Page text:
[Kaffe] found cause of bug in boolean method invocation, help needed.

Moses DeJong dejong at cs.umn.edu
Sun Feb 7 18:02:53 PST 1999

Hi all.

I think I have figured out why invocations of boolean methods
using reflection do not work on my sparc solaris box. It looks
like there is a endian problem with the way boolean values are
transfered from the stack to the result to be returned. Here
is an example of the problem and a bit more info.

import java.lang.reflect.*;

public class ReflectedBooleanBug4 {
    public static void main(String[] argv) throws Exception {
	Method m1 = ReflectedBooleanBug4.class.getMethod("trueBooleanObjectMethod", null);
	System.out.println("m1 is " + m1);

	Method m2 = ReflectedBooleanBug4.class.getMethod("falseBooleanObjectMethod", null);
	System.out.println("m2 is " + m2);

	Boolean tb = (Boolean) m1.invoke(null,null);
	Boolean fb = (Boolean) m2.invoke(null,null);

	if (tb.booleanValue() != true) {
	    throw new Exception("booleanValue() != true");

	if (fb.booleanValue() != false) {
	    throw new Exception("booleanValue() != false");


    public static boolean trueBooleanObjectMethod() {
	return true;

    public static boolean falseBooleanObjectMethod() {
	return false;


% kaffe ReflectedBooleanBug4
m1 is public static boolean ReflectedBooleanBug4.trueBooleanObjectMethod()
m2 is public static boolean ReflectedBooleanBug4.falseBooleanObjectMethod()
java.lang.Exception: booleanValue() != true
        at java.lang.Throwable.<init>(Throwable.java:37)
        at java.lang.Exception.<init>(Exception.java:21)
        at ReflectedBooleanBug4.main(ReflectedBooleanBug4.java:17)


% java ReflectedBooleanBug4
m1 is public static boolean ReflectedBooleanBug4.trueBooleanObjectMethod()
m2 is public static boolean ReflectedBooleanBug4.falseBooleanObjectMethod()


Let's start out in file jni.c in the function Kaffe_CallStaticBooleanMethodA().
In that method a jvalue is created on the C stack and a pointer to this jvalue
is passed to callMethodA() which is then passed to virtualMachine() (I am
using a non JIT build in this example). Inside virtualMachine() in the file
machine.c, the java byte codes are interpreted. For the example file given
above the method trueBooleanObjectMethod() is defined in java byte code like
so. It pushes an integer 1 onto the stack and then returns.

Method boolean trueBooleanObjectMethod()
   0 iconst_1
   1 ireturn

The return bytecode is defined like this inside kaffe.def. 



The only to operation that matters here is returnarg_int().
It is defined like so inside icode.h.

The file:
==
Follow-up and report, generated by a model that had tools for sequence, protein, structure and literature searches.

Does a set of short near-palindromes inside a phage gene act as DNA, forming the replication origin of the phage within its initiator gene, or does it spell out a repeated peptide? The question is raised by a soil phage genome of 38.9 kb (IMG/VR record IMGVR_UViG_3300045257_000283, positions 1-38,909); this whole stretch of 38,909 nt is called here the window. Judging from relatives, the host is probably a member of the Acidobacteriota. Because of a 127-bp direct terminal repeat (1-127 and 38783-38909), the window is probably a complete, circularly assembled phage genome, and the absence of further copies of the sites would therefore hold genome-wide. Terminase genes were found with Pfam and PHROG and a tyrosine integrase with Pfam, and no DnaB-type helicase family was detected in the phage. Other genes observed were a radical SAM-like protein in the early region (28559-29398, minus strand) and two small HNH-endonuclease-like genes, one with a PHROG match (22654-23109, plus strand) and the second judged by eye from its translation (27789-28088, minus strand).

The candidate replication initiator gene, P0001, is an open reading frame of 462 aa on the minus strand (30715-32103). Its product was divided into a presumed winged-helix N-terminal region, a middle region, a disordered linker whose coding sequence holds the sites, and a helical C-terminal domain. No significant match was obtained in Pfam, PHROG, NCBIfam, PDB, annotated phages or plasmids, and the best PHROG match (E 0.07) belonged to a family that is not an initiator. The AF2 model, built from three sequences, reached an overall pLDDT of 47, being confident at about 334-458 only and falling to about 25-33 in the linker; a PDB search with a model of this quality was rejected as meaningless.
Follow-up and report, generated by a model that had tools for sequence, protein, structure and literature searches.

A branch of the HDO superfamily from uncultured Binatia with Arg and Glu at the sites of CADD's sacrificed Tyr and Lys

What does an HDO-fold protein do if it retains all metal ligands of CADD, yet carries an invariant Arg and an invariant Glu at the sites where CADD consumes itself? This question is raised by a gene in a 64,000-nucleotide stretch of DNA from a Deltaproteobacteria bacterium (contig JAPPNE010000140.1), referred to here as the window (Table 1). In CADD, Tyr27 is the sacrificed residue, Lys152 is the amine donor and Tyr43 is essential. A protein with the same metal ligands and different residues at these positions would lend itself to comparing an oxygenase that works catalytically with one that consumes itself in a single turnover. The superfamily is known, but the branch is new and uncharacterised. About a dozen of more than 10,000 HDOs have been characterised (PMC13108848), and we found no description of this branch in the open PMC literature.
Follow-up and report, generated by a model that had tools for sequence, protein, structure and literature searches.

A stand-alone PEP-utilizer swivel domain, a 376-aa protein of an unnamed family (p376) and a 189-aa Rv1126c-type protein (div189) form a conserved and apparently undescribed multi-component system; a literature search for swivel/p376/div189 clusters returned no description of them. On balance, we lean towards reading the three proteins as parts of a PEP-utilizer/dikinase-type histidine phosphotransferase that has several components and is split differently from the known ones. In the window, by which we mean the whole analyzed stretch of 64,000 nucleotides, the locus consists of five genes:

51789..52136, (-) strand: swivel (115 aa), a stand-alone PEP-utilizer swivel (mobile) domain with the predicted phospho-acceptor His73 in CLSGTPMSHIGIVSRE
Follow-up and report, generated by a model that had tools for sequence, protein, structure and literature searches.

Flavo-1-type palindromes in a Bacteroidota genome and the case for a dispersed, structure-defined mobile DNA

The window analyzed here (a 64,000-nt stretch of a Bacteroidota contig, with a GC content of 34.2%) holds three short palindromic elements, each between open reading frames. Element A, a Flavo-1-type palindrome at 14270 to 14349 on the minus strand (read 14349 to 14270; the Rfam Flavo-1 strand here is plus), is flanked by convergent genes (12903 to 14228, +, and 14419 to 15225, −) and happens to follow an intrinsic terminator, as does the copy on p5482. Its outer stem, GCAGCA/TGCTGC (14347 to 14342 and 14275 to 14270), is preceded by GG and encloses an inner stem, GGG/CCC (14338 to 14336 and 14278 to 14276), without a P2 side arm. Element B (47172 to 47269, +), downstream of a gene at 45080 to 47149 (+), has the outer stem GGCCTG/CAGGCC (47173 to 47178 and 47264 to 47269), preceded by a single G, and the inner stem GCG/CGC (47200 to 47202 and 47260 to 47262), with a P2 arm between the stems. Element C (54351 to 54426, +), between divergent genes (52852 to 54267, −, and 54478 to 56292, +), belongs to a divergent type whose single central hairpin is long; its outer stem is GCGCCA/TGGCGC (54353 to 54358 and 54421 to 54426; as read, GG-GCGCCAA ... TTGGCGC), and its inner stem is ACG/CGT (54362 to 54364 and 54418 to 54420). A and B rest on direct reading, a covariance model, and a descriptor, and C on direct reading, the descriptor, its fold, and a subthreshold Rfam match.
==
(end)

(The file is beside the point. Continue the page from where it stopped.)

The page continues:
#define returnarg_int(s) \
                retval[0].v.tint = (s)[0].v.tint

In this case both retval[0] and (s)[0] (the value on the stack)
are of type "slots" as defined in file constants.h. This assignment
changes the value of the jvalue argument I mentioned earlier (the
jvalue argument has been cast to a slots* and it is stored in retval).

The union jvalue type has a jboolean member but it is only one byte
in size so the assignment of 1 to the tint member of the slots union
will not change the value of the boolean on a bigendian machine.
This does work on a little endian machine like an intel box.
I have included a small C program and it's output which shows
what is going on on big vs little endian systems.

Intel (little endian) box with gcc + linux.

% ./sizes 
ref[0].v.tint is "1"
var.z is "1"

Sparc (big endian) box with gcc + Solaris

% ./sizes 
ref[0].v.tint is "1"
var.z is 0

/* start file sizes.c */

#include <stdio.h>

union jvalue {
  char          z;
  char		b;
  char		c; 
  short		s;
  int		i;
  long		j;
  float		f;
  double        d;
  void*		l;

typedef union jvalue jvalue;

struct _slots {
        union {
                int            tint;
                long           tword;
                long           tlong;
                float          tfloat;
                double         tdouble;
                void*           taddr;
                char*           tstr;
        } v;

typedef struct _slots slots;

void main(int argc, char ** argv) {
  jvalue var;
  slots val;
  slots* ref;

  var.l = 0;
  val.v.tint = 1;
  ref = (slots *) &var;

  ref[0].v.tint =  val.v.tint;

  if (ref[0].v.tint) {
    printf("ref[0].v.tint is \"%d\"\n", ref[0].v.tint);
  } else {
    printf("ref[0].v.tint is 0\n");

  if (var.z) {
    printf("var.z is \"%d\"\n", ((int) var.z));
  } else {
    printf("var.z is 0\n");

/* end file sizes.c */

I am not sure what the "right" way to fix this is. Does someone that
knows a little more about the Kaffe internals comment about the best
way to fix this for little and big endian machines?

Mo DeJong
dejong at cs.umn.edu

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